Nevertheless, there’s no reason to believe it an impossible task, and, I think, several good reasons to assume that it’s quite feasible. Speakers clearly do change their grammars over the course of their lifetimes, at least in minor ways, as they’re exposed to new grammatical variants through diffusion (that’s the spread of new forms between speakers). This is one of the normal processes of language change, and is going on all the time. Although this individual change is limited, the evidence is that the sort of changes that are easiest for adult native speakers to acquire are structural mergers—changes which remove a previously maintained grammatical distinction. And the introduction of a gender neutral pronoun is effectively just such a merger.

In addition, the target situation—one in which the 3rd person singular pronoun used in many, most or even all situations doesn’t encode gender—is perfectly normal, cross-linguistically. The map below (reproduced from WALS) shows gender distinctions in independent pronouns in languages across the world: white dots represent languages with no gender distinctions, and it’s easy to see that they’re pretty common.


So which gender neutral pronoun should my friend pick? Obviously this is primarily a political question. Nevertheless, I think that we get can another interesting insight here by comparing the introduction of a gender neutral pronoun to ‘normal’ (that is, not consciously initiated) language change. Generally, when innovative forms or usage patterns enter into a language, they do so by gradual spread along many axes: they spread between adjacent geographical areas, between interconnected social groups, by a gradual increase in frequency, and, crucially, gradually from linguistic context to linguistic context. A new form is generally innovated in a particular grammatical context from which it spreads, first to very similar grammatical contexts and eventually to very different ones. As a result, we’re relatively used to coming across and acquiring new usages that are partially familiar to us but have been extended to related-but-slightly-different contexts.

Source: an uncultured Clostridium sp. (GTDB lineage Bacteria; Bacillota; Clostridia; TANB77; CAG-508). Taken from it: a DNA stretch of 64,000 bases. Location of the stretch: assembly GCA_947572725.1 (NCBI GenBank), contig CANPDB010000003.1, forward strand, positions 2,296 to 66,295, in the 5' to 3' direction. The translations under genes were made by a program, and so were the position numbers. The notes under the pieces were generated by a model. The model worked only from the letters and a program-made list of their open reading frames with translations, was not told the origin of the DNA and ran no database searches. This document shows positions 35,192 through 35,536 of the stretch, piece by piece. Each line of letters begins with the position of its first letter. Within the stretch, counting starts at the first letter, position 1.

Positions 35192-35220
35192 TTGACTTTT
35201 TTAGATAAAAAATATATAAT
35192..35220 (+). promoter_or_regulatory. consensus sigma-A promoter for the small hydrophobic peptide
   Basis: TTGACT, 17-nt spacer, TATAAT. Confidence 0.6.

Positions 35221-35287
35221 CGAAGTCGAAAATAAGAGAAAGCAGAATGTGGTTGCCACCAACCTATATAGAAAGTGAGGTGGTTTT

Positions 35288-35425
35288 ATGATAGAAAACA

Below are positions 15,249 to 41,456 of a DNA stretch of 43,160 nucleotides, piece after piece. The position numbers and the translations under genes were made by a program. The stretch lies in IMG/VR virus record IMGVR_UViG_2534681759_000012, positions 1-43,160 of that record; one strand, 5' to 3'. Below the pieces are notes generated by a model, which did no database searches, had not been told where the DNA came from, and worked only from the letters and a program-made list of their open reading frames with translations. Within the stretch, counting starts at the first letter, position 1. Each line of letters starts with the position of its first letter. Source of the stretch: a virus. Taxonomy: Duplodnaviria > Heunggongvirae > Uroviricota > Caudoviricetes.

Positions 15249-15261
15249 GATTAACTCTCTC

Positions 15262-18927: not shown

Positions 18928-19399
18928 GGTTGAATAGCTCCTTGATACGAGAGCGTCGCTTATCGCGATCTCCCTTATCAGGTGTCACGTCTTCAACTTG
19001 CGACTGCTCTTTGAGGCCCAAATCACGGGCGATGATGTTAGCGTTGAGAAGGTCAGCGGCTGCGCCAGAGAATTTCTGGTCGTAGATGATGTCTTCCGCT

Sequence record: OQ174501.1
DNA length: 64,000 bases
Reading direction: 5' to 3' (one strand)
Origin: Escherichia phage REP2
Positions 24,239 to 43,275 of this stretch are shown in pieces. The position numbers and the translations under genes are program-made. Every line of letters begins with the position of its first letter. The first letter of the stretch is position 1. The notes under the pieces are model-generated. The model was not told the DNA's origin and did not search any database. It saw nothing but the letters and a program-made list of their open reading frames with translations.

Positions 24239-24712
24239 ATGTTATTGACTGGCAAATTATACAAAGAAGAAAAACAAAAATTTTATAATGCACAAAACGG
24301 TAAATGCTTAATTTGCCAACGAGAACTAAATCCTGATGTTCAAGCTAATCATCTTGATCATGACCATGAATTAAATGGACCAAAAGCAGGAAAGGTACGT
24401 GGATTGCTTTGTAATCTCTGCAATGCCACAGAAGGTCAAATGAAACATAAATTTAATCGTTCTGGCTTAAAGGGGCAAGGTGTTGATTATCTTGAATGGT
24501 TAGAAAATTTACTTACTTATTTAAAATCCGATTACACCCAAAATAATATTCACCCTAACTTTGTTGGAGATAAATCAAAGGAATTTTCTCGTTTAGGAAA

The proposed gender neutral pronoun that most resembles this ‘natural’ situation of language change is ‘they/them/their’. This already exists in most varieties of spoken Modern English as a gender neutral pronoun used in contexts where the gender of the referent is unknown or the referent is non-specific—in speech, sentences like ‘if someone wants a piece of cake, they should have one’ don’t sound at all marked. You might even come across it used by speakers where they are intentionally avoiding mentioning a referent’s gender, such as when maintaining the anonymity of someone in an anecdote. So where for the other proposed pronouns it would be necessary to introduce an entirely new form, for ‘they/them/their all that’s needed is to extend the use of an existing form into new—but clearly related—contexts.